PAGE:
According to a report by Tim Naumetz in the Hill Times, the « judicial activism » meme was played out at the Manning Conference today, in presentations by Dwight Newman and Rainer Knopff. Mr. Naumetz does not make it clear whether profs. Newman and Knopff defined « judicial activism » and, if so, how. One problem prof. Newman seems to have pointed to is the economic uncertainty generated by some of the Supreme Court’s recent decisions, particularly in the realm of aboriginal law. (Brian Lee Crowely has also argued that the Court’s « activism » has nefarious economic consequences, but based on a different set of cases.) Presumably there was more than that to prof. Newman’s argument; that a judicial decision will have bad economic consequences does not, without more, make it activist by any of the multiple definitions of which I am aware. In any event, having argued that the phrase « judicial activism » is, at best, an unhelpful way of stating legitimate criticism of the courts more times than I care to count (for instance here, here, here, and here) what I am more interested in here are the suggestions that were made to respond to the perceived problem.

Mr. Naumetz quotes prof. Newman as saying that « the use of strategic constitutional litigation is in reality now a realm of politics by other means, for all sides, » and that « Conservatives » ought to use it too. Perhaps so. I have, after all, suggested that governments re-litigate the issue of the extent of organized labour’s constitutional rights, (although I’m not conservative myself, and don’t this as a conservative cause). But strategic litigation doesn’t happen by itself. It takes lawyers with ideas to advance and, ideally, judges receptive to these ideas. Yet as Andrew Coyne, Bob Tarantino, as well as yours truly, have pointed out, the Conservative party or « movement, » such as it is, haven’t done anything to make sure that such lawyers and judges ”• or academics who can help them develop their arguments ”• actually exist. There is no Canadian equivalent to the Federalist Society, for instance. And so I wouldn’t be very optimistic about the odds of strategic litigation succeeding, in the foreseeable future, in countering the « judicial activism » that prof. Newman decries. And then, of course there is the question of whether strategic litigation would really make for less « activism » ”• or more.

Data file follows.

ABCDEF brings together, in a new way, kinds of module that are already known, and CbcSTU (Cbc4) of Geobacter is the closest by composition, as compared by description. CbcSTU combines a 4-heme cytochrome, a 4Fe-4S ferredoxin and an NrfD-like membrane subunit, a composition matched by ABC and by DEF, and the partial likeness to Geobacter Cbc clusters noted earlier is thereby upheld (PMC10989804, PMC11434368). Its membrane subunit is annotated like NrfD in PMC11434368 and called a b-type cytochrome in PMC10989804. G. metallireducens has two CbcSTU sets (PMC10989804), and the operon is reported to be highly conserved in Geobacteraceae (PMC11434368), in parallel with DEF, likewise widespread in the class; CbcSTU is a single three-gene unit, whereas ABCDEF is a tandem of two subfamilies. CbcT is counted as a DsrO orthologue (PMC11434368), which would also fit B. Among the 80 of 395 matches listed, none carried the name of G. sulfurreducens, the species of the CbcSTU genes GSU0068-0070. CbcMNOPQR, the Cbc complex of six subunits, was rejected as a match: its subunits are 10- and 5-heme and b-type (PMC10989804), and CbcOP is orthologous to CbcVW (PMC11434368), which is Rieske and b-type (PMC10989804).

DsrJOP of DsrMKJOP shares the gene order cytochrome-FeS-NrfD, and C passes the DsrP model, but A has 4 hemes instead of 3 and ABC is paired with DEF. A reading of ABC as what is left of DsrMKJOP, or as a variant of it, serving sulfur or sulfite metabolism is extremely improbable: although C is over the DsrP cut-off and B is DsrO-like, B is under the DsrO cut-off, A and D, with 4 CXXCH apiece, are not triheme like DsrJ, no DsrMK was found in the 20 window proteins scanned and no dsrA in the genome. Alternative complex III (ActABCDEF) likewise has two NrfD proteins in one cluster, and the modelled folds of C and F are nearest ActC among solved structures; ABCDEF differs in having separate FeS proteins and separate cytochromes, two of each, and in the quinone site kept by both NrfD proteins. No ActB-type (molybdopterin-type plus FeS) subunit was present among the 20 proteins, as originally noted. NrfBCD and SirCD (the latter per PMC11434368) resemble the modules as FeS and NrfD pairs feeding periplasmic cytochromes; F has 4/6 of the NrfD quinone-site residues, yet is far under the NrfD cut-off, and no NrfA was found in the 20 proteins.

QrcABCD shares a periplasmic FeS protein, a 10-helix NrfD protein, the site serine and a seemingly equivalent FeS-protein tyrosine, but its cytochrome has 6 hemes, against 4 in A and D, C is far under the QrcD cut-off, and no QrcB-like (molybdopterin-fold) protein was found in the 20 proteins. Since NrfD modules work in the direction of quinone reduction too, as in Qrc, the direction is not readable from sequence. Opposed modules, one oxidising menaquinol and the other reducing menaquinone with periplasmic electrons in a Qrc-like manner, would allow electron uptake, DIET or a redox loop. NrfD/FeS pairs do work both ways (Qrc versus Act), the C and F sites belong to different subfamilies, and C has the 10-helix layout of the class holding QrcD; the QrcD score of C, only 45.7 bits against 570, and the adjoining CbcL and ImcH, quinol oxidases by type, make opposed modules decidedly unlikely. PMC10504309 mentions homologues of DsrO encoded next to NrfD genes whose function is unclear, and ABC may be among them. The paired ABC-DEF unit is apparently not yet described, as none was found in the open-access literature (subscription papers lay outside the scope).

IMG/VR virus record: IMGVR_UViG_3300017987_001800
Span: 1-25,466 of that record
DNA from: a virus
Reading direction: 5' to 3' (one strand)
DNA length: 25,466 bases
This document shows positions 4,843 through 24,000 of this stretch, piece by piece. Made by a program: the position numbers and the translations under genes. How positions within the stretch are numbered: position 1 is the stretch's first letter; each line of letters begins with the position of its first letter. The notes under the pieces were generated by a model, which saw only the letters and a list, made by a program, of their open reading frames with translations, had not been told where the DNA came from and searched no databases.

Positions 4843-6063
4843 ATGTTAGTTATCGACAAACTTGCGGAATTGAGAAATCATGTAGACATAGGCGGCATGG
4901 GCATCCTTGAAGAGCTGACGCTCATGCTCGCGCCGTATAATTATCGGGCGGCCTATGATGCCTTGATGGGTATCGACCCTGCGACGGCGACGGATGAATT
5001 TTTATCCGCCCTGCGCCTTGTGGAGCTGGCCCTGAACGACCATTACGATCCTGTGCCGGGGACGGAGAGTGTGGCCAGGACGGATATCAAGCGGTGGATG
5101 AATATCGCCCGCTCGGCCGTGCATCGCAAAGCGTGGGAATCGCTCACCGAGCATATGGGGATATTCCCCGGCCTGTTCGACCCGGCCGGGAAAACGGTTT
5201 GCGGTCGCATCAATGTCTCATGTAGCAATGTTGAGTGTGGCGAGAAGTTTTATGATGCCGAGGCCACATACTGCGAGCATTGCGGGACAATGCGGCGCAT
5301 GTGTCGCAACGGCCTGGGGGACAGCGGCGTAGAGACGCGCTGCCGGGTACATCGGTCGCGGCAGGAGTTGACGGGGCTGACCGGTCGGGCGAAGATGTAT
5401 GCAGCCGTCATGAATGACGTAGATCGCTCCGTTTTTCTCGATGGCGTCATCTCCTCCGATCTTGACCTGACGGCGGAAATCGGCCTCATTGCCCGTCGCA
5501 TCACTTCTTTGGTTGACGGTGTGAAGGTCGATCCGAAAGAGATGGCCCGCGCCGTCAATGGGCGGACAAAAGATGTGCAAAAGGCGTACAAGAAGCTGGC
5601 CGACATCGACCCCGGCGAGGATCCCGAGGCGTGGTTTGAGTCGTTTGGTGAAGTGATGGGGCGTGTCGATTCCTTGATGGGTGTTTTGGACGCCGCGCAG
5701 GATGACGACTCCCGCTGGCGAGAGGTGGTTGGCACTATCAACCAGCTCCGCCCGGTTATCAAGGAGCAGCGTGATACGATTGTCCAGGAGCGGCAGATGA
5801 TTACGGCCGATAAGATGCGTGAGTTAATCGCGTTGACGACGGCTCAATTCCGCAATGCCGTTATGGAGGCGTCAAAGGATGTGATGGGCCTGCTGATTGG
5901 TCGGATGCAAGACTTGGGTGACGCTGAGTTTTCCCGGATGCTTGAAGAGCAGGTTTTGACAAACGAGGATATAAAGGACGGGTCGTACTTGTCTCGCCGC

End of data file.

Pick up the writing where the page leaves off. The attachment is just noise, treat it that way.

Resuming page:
The other suggestion for countering « judicial activism » has come from Preston Manning, whom Mr. Naumetz quotes as calling « for Parliament to assert itself vis-a-vis the courts. » Again, it is difficult to tell, from Mr. Naumetz’s account, just what Mr. Manning meant. Still, here’s a thought. In many cases, it is not the courts who are preventing Parliament from « asserting itself » and starting making policy; Parliament, or its masters in the cabinet, are themselves to blame. In a sense, some of the recent decisions by the Supreme Court which various critics have branded « activist, » did not go against Parliament’s assertions of policy-making power. Both Bedford, the prostitution case, and Carter, the assisted suicide one, happened because Parliament did nothing even as the evidence of the problems which the laws enacted a long time ago mounted. Of course, inaction is sometimes a policy. But all too often, it is merely the product of a lack of political will ”• of an unwillingness to make, and responsibility for, difficult and potentially controversial decisions. For example, Carter, as co-blogger Emmett Macfarlane pointed out in Macleans, was « distinctive … in the unusual degree to which politicians of all partisan and ideological stripes have avoided » the issue it posed. The fact that Parliament, or at least the Parliamentary majority, is still apparently uninterested in doing anything about the matter, even after the Supreme Court’s ruling, is surely revealing.

There are reasons, some better than others, to dislike many of the Supreme Court’s recent decisions. But responding to them will take hard work. Hard, sometimes, because it will take time, as preparing the climate for strategic litigation does. And hard, sometimes, because it will take political courage, as legislating on controversial issues does. Denouncing « activist » judges will not be enough, and it remains to be seen whether the Canadian right is able to do more than that.

Leonid Sirota teaches constitutional law at the Auckland University of Technology Law School. He is a graduate of the Faculty of Law, McGill University and the New York University School of Law. His main interests are Canadian constitutional law, other areas of public law and legal theory.

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